The concept of a human “teaming” with a technology fundamentally alters the assumptions of traditional human-automation interaction paradigms, as the technology is required to assume many of the responsibilities (and authorities) traditionally held by humans within the overall system. The HAT Foundational Research Activity has been tasked with producing human-in-the-loop (HITL) experiments that test, identify, and apply HAT principles.

The Human-Autonomy Teaming Task Battery (HATTB) is a research software application that provides a simplified version of real-world tasks that are performed by remote operators (or “pilots”) monitoring and controlling multiple vehicles (e.g., drones) with varying levels of automation. Specifically, the HATTB is used to conduct human-in-the-loop (HITL) experiments that evaluate the performance of research participants as they manage or monitor increasingly autonomous vehicles and simultaneously perform various other predefined tasks. The primary use case for the HATTB is a human factors or cognitive psychology researcher studying the performance of participants as they complete specific scenarios that have been defined by the researcher. The scenarios are created by the researcher within the HATTB software and vary depending on the researcher’s specific goals. The scenarios can use a combination of the available tasks and may be very complex.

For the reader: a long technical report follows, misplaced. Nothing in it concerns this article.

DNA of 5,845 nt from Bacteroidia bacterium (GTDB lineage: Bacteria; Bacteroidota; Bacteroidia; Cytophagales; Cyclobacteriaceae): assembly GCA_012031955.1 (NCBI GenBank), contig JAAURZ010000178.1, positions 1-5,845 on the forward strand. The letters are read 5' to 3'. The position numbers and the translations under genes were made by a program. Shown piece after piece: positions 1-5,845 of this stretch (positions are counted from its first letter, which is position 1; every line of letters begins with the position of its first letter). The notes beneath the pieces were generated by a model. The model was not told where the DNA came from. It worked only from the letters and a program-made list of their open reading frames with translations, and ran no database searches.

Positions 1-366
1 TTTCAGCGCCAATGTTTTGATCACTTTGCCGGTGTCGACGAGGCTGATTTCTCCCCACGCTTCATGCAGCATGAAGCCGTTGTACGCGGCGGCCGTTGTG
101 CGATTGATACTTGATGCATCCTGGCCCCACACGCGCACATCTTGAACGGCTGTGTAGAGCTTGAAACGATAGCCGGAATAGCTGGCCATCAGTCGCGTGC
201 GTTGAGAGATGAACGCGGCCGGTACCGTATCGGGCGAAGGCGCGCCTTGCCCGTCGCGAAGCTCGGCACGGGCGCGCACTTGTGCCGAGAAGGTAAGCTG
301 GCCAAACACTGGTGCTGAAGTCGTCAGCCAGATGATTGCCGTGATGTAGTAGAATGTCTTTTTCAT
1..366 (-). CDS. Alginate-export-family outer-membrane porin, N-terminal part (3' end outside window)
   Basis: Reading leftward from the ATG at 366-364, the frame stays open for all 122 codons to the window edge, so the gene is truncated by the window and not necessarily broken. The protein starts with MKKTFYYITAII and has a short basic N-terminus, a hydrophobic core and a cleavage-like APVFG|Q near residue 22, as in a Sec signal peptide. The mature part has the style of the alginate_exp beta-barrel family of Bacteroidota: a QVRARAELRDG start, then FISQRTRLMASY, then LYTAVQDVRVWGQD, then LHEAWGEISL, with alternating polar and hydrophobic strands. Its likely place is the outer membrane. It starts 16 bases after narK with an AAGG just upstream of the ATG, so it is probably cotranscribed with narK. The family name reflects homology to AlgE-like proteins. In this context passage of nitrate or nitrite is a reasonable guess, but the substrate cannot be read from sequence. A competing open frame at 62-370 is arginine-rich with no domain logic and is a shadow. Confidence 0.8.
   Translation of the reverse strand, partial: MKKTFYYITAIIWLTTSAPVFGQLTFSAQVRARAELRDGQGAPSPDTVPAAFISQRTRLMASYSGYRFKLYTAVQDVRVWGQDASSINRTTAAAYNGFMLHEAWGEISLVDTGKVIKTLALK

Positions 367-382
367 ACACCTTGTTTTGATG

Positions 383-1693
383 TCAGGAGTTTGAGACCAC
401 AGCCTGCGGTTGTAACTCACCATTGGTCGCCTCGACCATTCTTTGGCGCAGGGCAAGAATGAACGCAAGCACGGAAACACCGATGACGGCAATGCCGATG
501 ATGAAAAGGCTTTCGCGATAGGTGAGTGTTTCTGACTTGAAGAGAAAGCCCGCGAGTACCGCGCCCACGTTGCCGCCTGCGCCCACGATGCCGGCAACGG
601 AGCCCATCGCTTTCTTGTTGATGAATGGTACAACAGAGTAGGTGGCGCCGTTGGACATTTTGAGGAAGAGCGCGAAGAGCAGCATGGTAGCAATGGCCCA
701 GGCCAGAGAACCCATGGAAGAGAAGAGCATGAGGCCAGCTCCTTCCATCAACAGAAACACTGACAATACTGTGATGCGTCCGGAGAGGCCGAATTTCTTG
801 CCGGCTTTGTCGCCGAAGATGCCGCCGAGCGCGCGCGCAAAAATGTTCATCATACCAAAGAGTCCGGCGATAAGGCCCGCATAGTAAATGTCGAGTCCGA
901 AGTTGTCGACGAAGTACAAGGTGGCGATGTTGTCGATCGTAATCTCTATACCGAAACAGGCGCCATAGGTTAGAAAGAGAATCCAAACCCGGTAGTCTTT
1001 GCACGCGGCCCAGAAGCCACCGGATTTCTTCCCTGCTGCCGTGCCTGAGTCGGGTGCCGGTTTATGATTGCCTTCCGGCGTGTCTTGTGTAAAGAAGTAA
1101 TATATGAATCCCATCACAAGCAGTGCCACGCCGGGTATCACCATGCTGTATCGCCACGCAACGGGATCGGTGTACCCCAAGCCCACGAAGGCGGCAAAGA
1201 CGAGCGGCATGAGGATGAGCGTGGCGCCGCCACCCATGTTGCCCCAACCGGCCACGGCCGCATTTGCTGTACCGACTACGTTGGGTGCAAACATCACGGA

The HATTB was created to provide a test-bed that will support not only internal NASA experimentation but will also be made freely available as on open-source software solution for the general research community. This approach will significantly accelerate NASA’s research interests related to humans interacting and teaming with increasingly autonomous remotely operated systems, as the quantity of HATTB studies addressing these topics will not be limited to NASA researchers and resources supporting individual efforts. The HATTB software was developed for the Apple iPad tablet and Apple Mac computer environments.

Technical Points of Contact

Dr. Eric Chancey, Crew Systems and Aviation Operations Branch, NASA Langley Research Center

Mr. Mike Politowicz, Crew Systems and Aviation Operations Branch, NASA Langley Research Center

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